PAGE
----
This has been all over my inbox since the press release came out yesterday; it’s been on slashdot (thanks Brian), it’s been at space.com, and there’s a mediocre writeup on Universe Today. What’s the big news? Black Holes don’t destroy information after all!
What is this whole information thing, anyway? Take a look at all the normal stuff in the Universe: photons, protons, neutrons, and electrons, for example. They have lots of different properties each. They move around one another, they get bound and unbound from one another, they exert forces on one another, etc. They’re aware of one another, and they interact with one another, and they have many properties, both intrinsic and extrinsic. And when they come together, they make complex things, like atoms, which contain even more information than the individual particles do on their own:
But when you put all of this stuff into a black hole, all of this information seems to disappear. Black holes have only three properties: mass, charge, and spin. Everything else, all the information you put into it, seems to disappear. Doesn’t matter whether you put a bunch of neutrons in, or a bunch of human beings in: to a black hole, they’re the same things. Black holes don’t remember quantum numbers, they don’t remember how many quarks or electrons you put into it. All they care about is mass, charge, and spin.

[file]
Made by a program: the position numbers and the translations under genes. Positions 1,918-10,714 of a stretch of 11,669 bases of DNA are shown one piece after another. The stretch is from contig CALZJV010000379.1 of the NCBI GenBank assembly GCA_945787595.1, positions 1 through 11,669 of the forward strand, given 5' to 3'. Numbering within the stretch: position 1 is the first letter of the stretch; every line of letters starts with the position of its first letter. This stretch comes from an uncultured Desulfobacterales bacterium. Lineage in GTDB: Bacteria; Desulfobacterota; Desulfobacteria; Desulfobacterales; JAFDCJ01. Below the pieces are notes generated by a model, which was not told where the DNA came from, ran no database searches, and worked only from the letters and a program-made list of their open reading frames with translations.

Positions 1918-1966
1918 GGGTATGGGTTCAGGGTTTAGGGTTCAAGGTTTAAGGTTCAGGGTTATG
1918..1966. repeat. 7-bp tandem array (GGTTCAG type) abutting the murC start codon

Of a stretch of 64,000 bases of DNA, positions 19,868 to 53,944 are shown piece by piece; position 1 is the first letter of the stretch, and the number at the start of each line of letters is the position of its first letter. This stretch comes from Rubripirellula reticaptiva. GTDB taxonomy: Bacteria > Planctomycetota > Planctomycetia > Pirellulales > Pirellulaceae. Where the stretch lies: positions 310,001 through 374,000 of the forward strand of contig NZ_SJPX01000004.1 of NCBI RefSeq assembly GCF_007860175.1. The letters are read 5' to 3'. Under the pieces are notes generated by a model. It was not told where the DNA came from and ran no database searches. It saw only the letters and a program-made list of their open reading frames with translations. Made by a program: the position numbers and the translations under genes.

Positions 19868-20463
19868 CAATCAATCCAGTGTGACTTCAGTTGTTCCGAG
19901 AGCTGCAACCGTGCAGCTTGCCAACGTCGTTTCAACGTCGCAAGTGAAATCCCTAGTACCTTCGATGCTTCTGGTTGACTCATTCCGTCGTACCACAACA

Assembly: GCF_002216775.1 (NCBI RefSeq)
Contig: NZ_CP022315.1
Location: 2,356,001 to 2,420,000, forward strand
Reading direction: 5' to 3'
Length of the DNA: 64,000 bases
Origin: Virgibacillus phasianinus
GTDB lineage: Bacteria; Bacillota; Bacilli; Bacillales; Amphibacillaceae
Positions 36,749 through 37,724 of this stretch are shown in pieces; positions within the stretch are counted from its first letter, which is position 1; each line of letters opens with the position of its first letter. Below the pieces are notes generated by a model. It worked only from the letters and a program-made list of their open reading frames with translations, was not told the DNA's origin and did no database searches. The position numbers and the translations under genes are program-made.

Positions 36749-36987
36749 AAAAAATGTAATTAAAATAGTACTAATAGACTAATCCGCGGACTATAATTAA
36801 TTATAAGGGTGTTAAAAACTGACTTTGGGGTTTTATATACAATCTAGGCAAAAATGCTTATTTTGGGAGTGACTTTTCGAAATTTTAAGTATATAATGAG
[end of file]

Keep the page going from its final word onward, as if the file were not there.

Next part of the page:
Well, it’s a paradox no more! A team at Penn State, led by Abhay Ashtekar (who’s pretty famous for his work on trying to formulate a quantum theory of gravity), has shown how all of that “lost information” can be recovered. The catch?
It means that space-time is not a continuum.
Instead, on the smallest scales, it has to actually be discrete, like little “chunks” of space-time strung together to create a giant mosaic.
The reason for this is that without a continuum, there can’t be any such thing as a singularity. Here’s what Ashtekar had to say about it:
Information only appears to be lost because we have been looking at a restricted part of the true quantum-mechanical space-time. Once you consider quantum gravity, then space-time becomes much larger and there is room for information to reappear in the distant future on the other side of what was first thought to be the end of space-time.
Wow. Now this hasn’t been verified or even published yet (May 20th, in Physical Review Letters), but this is really ground-breaking! Have a great weekend, folks, and don’t forget to swing on over to this week’s Carnival of Space at Altair VI, where you can read about lots of interesting stuff, including how to avoid Armageddon from incoming asteroids!